Healthcare Drug Pricing a Pragmatic Solution for America

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    Healthcare Drug Pricing
    Healthcare Drug Pricing

    Healthcare Drug, Device and Product Pricing: A Pragmatic Solution for America.

    America has a complex and convoluted manufacturing and distribution pipeline that regulates medication prices in the country.

    As of right now, American’s have the option to look at different pharmacy options in order to try and find cheaper medication prices for themselves as to not break the bank while trying to improve the condition of their health.

    The aim of this solution is to streamline distribution and manufacturing models, give everyone access to a price registry so that they know what they should be paying.

    Of course, people could also consider the other options for some medical needs, such as how people can access a Maine medical cannabis card online and have a variety of choice of dispensaries with that card in hand.

    This will allow medical insurers to better price insurance, while ensuring that manufacturers, distributors and dispensers do not price gouge.

    One factor that seems to be having an impact on healthcare product pricing is the ongoing opioid epidemic.

    In case you were not already aware, some of the effective medications that exist to treat opioid use disorder such as methadone, buprenorphine, and naltrexone all seem to be rising in price as a result of a sharp increase in demand.

    Correspondingly, you can learn more about treating opioid addiction on the Enterhealth website.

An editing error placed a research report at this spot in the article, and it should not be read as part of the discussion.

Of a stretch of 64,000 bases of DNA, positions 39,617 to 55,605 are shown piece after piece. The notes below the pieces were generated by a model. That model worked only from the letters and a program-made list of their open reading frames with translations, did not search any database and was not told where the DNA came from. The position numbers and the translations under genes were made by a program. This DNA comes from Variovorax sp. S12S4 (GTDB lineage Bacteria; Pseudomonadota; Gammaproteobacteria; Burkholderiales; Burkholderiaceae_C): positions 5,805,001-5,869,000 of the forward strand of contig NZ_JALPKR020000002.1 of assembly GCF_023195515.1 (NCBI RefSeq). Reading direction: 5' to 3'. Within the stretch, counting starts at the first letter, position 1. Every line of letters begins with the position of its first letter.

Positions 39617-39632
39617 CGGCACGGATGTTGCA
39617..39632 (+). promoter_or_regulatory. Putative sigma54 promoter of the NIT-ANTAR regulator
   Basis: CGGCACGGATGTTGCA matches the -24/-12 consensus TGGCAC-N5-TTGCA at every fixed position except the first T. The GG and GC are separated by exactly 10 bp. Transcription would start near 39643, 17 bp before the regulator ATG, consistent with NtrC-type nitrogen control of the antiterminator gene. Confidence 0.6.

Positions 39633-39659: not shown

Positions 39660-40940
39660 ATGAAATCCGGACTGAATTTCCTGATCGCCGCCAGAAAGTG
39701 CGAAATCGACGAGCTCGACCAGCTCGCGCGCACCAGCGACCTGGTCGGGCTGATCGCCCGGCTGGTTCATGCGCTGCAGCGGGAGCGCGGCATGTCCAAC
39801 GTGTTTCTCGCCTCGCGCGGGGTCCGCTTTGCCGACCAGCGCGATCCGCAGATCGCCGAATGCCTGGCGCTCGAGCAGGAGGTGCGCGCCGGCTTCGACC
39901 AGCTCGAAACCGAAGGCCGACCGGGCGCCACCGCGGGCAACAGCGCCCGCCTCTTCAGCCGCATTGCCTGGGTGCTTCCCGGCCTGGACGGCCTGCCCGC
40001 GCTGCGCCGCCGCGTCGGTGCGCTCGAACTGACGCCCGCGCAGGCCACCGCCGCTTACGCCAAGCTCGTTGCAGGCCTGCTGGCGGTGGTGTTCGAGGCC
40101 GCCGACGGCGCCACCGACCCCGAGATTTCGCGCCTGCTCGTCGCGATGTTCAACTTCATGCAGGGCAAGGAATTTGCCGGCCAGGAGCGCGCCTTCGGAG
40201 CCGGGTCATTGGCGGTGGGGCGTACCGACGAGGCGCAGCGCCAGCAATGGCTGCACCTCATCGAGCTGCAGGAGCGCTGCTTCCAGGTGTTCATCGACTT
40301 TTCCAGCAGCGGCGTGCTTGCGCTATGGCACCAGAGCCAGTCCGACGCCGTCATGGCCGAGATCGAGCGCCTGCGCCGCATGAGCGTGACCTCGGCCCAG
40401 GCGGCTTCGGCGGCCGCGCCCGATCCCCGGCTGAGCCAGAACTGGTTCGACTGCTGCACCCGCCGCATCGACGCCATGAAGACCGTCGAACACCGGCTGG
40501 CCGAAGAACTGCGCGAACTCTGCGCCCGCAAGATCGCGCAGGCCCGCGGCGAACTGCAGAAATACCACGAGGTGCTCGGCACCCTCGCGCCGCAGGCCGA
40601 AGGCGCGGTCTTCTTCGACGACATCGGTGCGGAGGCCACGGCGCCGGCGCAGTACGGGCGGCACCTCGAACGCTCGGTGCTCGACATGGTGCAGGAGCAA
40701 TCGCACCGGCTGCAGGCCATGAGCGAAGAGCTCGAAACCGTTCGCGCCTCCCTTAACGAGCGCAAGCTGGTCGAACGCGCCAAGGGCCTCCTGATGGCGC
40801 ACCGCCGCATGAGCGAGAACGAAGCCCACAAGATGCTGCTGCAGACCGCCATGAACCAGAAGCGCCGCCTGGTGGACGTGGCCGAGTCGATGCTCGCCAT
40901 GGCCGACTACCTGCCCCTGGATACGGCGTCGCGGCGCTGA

For now though, let us discuss the manufacturing and distribution pipeline that regulates medication prices in America in more detail.

    This pricing model applies to Drug, Device and Product Pricing.

    Trade/Brand name medication – MCC (Medication Cost Control.)

    If a healthcare manufacture or its subsidiary sells and/or manufactures a trade/brand name in any country other than the USA, the lowest sales price globally will be the registered sales price in America. The same applies to any product manufactured under licensing agreement.

    GMC (Generic Medication Cost Control)

    1. Anyone licensed to manufacture can produce generic medication.
    2. Generic Medication may not be retailed for more than manufacturing cost +15%.
    3. Anyone dispensing generic medication above the 15% mark-up will be fined at $15,000 per infraction on each sales unit or 50% of the sale, whichever is highest.
    4. Distribution costs may not be added to generic medication.
    5. All trade/brand name medicines may be substituted for generic medicine. Government subsidized medical aid must prescribe generic medication.

    MPR (Medicine Price Registry)

    A Medicine Price Registry will be established in the USA to regulate medicine prices. Everyone will have access to this registry for the purposes of:

    • Knowing what to pay for a prescription from your doctor.
    • Finding possible generics for a branded medicine.
    • Ensuring that Americans are not being overcharged for medicine.

    SEP (Single Exit Price)

    The single exit price (SEP) mechanism in America lists the maximum price that a medicine can be charged at. Dispensers may charge an additional dispensing fee depending on the price of the medicine. The Medicines and Related Substances Act allows for the following charges (excl state Tax):

      • Where the SEP is less than $80.00, the maximum dispensing fee is $7.04 + 46% of the MRP.
      • Where the SEP is less than $200.00, the maximum dispensing fee is $18.80 + 33% of the MRP.
      • Where the SEP is less than $799.99, the maximum dispensing fee is $59.83 + 15% of the MRP.
      • Where the SEP is greater than or equal to $799.99, the maximum dispensing fee is $140.00 + 5% of the MRP.

    We would like to hear from you, is this pricing structure adequate?

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